Ant Donaldson, senior specialist, employee benefits at E.On UK:
Anything that simplifies tax regulations has to be viewed in a positive light, provided people do not lose out.
Income tax and national insurance (NI) have different thresholds and limits and interact with reward in varying ways, making it hard to explain them to the average finance professional, let alone most employees.
So what is not to like in the proposal to integrate the two taxes? One concern would be the impact on salary sacrifice. Some benefits generate income tax and NI savings for staff plus NI savings for employers. Many salary sacrifice benefits support policy objectives, such as pension saving, helping working parents, promoting green travel, or the prevention and detection of illness. Presumably, those savings could be protected for employees and employers, if HM Treasury was so minded. Similarly, the tax breaks on payroll giving and employee share schemes could be maintained with careful drafting of the legislation.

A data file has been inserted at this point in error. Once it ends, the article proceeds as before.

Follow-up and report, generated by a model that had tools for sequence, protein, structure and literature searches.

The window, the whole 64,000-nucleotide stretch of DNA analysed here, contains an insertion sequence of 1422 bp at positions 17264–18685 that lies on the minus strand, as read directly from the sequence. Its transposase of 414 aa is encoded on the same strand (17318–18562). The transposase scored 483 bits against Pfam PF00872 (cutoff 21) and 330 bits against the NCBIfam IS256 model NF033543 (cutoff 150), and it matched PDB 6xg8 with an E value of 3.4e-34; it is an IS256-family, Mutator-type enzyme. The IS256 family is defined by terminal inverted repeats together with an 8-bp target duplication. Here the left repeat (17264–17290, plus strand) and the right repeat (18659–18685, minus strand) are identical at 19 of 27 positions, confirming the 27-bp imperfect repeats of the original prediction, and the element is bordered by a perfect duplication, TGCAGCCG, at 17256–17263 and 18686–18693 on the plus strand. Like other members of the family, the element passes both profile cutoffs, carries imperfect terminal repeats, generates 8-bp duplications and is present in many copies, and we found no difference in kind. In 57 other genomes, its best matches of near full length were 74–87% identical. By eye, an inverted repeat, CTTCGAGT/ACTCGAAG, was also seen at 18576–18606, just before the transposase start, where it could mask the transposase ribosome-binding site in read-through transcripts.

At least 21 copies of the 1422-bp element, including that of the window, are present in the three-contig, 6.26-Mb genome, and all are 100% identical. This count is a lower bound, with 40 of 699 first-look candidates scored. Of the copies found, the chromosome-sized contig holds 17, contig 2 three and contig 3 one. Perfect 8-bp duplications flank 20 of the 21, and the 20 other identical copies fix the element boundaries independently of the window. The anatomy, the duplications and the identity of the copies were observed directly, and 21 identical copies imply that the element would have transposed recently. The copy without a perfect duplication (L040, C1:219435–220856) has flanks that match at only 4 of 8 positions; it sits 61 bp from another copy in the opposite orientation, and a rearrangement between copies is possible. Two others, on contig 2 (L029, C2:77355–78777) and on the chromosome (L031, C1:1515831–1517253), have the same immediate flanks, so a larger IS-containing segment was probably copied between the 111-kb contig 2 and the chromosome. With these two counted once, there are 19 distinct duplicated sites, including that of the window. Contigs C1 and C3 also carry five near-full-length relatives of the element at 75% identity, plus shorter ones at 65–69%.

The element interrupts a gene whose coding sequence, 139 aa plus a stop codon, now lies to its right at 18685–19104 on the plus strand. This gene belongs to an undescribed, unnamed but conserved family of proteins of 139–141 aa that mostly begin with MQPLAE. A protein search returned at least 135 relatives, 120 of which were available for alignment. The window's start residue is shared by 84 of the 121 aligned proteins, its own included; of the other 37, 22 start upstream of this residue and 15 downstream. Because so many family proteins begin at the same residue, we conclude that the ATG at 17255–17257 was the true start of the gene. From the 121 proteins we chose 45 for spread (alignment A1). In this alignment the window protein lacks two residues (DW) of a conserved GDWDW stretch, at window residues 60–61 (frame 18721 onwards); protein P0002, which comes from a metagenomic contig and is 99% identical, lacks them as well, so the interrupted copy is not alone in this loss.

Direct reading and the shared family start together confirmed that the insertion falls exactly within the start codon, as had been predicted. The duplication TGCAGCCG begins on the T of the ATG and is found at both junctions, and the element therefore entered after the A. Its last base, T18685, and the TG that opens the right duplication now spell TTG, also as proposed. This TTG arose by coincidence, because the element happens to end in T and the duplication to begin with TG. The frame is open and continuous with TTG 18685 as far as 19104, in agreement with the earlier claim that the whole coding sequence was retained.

Harmonising tax thresholds and rates may also create winners and losers, so the mandarins would need to minimise these effects. Problems would also arise for benefits, which simply have an employee NI saving, such as critical illness insurance or private medical cover. Those savings would be harder to preserve. Other issues relate to the interaction between NI and welfare benefits, including state pensions, which is another complex area.
The key risk would be if HM Revenue and Customs wanted to use tax harmonisation as a means of removing salary sacrifice. Large numbers of staff and employers rely on the savings, so [reward professionals] may be wise to respond to the government’s consultation.
Ant Donaldson is senior specialist, employee benefits at E.On UK